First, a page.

35 mm color or black-and-white film (50 or 100 ISO)
.006 in. (or .16 mm)
1?2–1 second (bright sunlight)
Did you ever think that the oatmeal container you open every morning when you make breakfast could be turned into a camera? Or that the mint tin sitting on your desk is capable of creating stunning images? In Pinhole Cameras, photographer and pinhole aficionado Chris Keeney shows you how to transform basic household containers—a shoebox, a coffee can, a matchbox—into amazing photographic devices.© 2013 Chris Keeney / Princeton Architectural Press · Reproduced with permission.
Cutting the Matchbox
Pretty much any matchbox will work for this exercise, but there are a couple of things you should consider before you begin. A piece of 35 mm film should be able to fit inside the matchbox. To check this, insert the leader of a roll of film through the bottom of the matchbox. If the film can slide through the inside of the box without bending, you’re good to go; if not, you’ll need to find a larger box. Don’t worry about what the matchbox looks like, since you’ll be covering it with tape to make it lighttight.
Once you’ve determined that your matchbox can accommodate 35 mm film, find the location of the box’s center by drawing an X on one side of the box with a ruler and pencil. Make sure the blade in your X-AcTO knife is sharp, and cut out a .25 x .25 in. square in the center of the box.
Pull the inner tray out of the box, and on the bottom of the tray, draw and cut out a 36 x 24 mm rectangle. A dull blade will likely bend or tear the box as you cut. Any frayed edges will be seen by the film and captured, but that can be cool, too, so don’t stress out about cutting it perfectly.
Use a black permanent marker to color the interior of the box black. This will prevent light from bouncing around inside the box during exposures.
Making the Shutter
?Just like all the pinhole cameras in this book, you have the option of using a piece of black opaque tape as your shutter. But with a little more work, your can make a more sophisticated shutter.
Making the Shutter Sleeve
Cut a standard manila file folder in half, along the fold, and run a long piece of 1 in. black photographic tape along the top edge. You need to apply tape to only one side of the folder.
Measure and cut a 2.25 x 1 in. section from that taped strip.
(Set aside the extra section of this long strip; it will come
in handy as a measuring tool later on.) With the dull side of the blade, and on the side of the manila folder section that isn’t covered with black tape, score a .25 in. line from both ends. Once you’ve scored both ends, fold the scores to make flaps on each side of the shutter sleeve.
Making the Shutter envelope
The next step is to create a small paper envelope to hold the shutter sleeve in position. Place the longer edge of your matchbox in the center of the manila file folder, along the 11.5 in. edge, and trace as close as you can around the box with a pencil.
Then move the box up and align the bottom of the matchbox with the top line you just made and trace again. When you’re done, there should be two rectangles: one on top of the other.
Now measure and draw three lines, .25 in. from the existing rectangular boxes (one line parallel to the left side, one line parallel to the right side, and one horizontal line across the top).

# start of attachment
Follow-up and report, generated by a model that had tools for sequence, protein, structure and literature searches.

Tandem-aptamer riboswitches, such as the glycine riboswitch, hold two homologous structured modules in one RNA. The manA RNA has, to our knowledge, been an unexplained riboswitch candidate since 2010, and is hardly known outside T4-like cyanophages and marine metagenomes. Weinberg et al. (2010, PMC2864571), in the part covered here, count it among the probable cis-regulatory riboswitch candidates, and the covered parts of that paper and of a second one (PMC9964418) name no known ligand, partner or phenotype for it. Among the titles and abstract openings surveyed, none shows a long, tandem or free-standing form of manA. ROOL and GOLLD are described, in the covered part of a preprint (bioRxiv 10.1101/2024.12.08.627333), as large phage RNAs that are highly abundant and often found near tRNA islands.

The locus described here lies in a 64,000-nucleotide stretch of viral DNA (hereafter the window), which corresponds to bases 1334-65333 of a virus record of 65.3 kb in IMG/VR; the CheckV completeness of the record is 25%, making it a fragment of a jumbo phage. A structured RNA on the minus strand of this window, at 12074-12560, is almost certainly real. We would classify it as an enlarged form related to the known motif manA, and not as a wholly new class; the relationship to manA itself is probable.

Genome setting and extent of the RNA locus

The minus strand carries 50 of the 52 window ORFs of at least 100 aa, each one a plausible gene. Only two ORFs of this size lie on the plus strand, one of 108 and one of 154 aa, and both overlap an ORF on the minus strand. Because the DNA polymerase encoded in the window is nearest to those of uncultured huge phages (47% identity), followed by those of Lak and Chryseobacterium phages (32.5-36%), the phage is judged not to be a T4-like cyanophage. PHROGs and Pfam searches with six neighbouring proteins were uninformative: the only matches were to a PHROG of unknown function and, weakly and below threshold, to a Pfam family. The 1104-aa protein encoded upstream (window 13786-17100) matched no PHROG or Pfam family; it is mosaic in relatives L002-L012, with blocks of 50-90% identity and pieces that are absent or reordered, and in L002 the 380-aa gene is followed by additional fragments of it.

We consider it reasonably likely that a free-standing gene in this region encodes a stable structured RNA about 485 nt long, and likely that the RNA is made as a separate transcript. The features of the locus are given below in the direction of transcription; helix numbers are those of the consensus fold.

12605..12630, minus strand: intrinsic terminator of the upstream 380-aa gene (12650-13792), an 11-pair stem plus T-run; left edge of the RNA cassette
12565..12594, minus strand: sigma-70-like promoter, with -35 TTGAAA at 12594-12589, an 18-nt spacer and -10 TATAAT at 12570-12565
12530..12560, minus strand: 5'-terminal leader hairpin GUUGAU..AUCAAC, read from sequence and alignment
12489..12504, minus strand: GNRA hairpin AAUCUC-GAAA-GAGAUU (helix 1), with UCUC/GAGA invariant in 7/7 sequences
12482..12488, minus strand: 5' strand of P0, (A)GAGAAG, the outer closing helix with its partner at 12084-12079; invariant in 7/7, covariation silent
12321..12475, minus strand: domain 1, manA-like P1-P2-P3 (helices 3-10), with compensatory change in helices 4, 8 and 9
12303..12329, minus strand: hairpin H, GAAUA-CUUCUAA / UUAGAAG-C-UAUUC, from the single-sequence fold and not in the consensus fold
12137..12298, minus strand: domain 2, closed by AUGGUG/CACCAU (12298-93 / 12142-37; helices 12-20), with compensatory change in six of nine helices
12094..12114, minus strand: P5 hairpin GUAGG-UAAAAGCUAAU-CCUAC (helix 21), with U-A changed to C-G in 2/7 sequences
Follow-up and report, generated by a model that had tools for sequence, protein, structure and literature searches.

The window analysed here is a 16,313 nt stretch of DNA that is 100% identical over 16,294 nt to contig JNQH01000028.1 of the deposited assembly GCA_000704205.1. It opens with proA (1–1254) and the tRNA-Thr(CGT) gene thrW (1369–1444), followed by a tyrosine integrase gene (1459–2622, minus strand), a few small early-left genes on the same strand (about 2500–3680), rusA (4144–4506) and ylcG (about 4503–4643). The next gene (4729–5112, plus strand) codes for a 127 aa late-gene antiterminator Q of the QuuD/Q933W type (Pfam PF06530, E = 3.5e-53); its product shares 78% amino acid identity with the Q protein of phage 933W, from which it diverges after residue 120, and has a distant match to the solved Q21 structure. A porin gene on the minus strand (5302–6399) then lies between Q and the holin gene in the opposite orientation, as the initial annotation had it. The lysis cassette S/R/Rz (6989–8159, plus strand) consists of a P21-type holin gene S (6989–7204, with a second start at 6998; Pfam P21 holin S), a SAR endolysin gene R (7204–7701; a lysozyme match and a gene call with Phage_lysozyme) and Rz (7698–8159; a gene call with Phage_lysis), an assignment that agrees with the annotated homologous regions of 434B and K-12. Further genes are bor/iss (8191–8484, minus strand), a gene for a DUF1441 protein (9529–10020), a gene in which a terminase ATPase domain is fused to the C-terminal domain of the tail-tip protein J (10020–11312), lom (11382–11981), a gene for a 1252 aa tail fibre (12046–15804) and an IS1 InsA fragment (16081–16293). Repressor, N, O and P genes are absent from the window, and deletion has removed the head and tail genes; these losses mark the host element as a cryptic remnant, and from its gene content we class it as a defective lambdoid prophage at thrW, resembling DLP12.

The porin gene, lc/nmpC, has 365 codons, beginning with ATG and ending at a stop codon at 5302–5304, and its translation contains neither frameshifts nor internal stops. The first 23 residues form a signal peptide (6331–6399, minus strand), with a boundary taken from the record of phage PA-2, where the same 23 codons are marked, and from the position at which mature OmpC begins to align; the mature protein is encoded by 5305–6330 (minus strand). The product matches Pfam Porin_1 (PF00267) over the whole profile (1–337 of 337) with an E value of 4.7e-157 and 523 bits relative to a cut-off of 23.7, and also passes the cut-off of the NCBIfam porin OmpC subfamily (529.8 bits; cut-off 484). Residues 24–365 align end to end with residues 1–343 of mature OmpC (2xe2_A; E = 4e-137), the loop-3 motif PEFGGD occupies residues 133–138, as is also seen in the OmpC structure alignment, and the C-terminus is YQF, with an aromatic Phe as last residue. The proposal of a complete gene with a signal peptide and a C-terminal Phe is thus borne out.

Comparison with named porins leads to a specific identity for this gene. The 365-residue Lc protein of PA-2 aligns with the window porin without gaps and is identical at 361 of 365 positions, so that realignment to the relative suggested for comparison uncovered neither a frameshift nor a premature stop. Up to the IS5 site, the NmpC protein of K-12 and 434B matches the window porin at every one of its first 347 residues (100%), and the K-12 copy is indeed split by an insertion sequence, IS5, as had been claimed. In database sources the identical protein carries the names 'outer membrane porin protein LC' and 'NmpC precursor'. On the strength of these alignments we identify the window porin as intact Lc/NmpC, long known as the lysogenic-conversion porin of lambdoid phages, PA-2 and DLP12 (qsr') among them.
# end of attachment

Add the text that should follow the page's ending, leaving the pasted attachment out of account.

Draw 45-degree angles on the sides of the bottom box and two 45-degree angles on the top box.
These are glue flaps: don’t worry if the lines aren’t perfect, because nobody will see them. cut out what you’ve just drawn with an X-AcTO knife or scissors.
After the paper is cut out, score the line between the two boxes and the three glue flaps with the dull end of your X-AcTO knife. fold all scores and make an X on the bottom rectangular section by drawing two lines from each opposing corner. This will help you determine the exact center of the shutter sleeve.
Unfold the shutter envelope and take the 1 in. long strip of manila folder leftover from cutting the shutter insert, and align it in the center of the envelope.
On both folds of the top box, make a mark on each side of the 1 in. shutter sleeve with a pencil.
Using a metal triangle or ruler, cut along the fold from one mark to the other. Make sure you don’t cut past your pencil marks. Doing that will make the shutter insert loose and uneven when you insert it into the shutter envelope.
Fold up the shutter envelope, turn it over, and draw an X on the back to find the center.
Slide the shutter insert into the shutter envelope and push one side of the sleeve all the way to the end until it reaches the fold. (I’ve found
it helpful to mark an X on the end of the shutter insert when it’s in the closed position and a circle on the insert when it’s in the open position.) Hold the shutter in your hand and use your hole punch to make a hole through the shutter envelope and insert.
Apply glue to the flaps on the shutter envelope. Try to avoid getting glue on the shutter insert when doing this. Once the flaps of the shutter envelope are glued and pressed down, you’ll need to apply a couple
of pieces of black tape to the front of the envelope to ensure that no light bleeds through onto your film.
Trim the extra tape from the edges with scissors, but leave about a .25 in. of tape to fold over onto the back of the shutter envelope.
Since you’ve taped over the hole in the shutter envelope, you’ll need to punch through the tape you’ve just applied.
Your shutter is done!
Making the Pinhole
?Since there isn’t a standard pinhole size for matchboxes, you’ll first need to measure the height of your box. The box I used for this exercise measured .6875 in. For a height of .6875 in., my focal length is .006 in. (.16 mm), giving my camera an f-stop of 103. Refer to chapter 4, “How to Make a Pinhole,” for more detailed instructions.
making a perfectly round .006 in. pinhole is difficult and will take some patience and practice. I would start by using an extra-fine beading needle and drilling just the tip of the needle through whatever metal you decide to use for your pinhole. Remember to sand both sides of the metal with 600 or 1000 grit sandpaper to thin it as much as possible.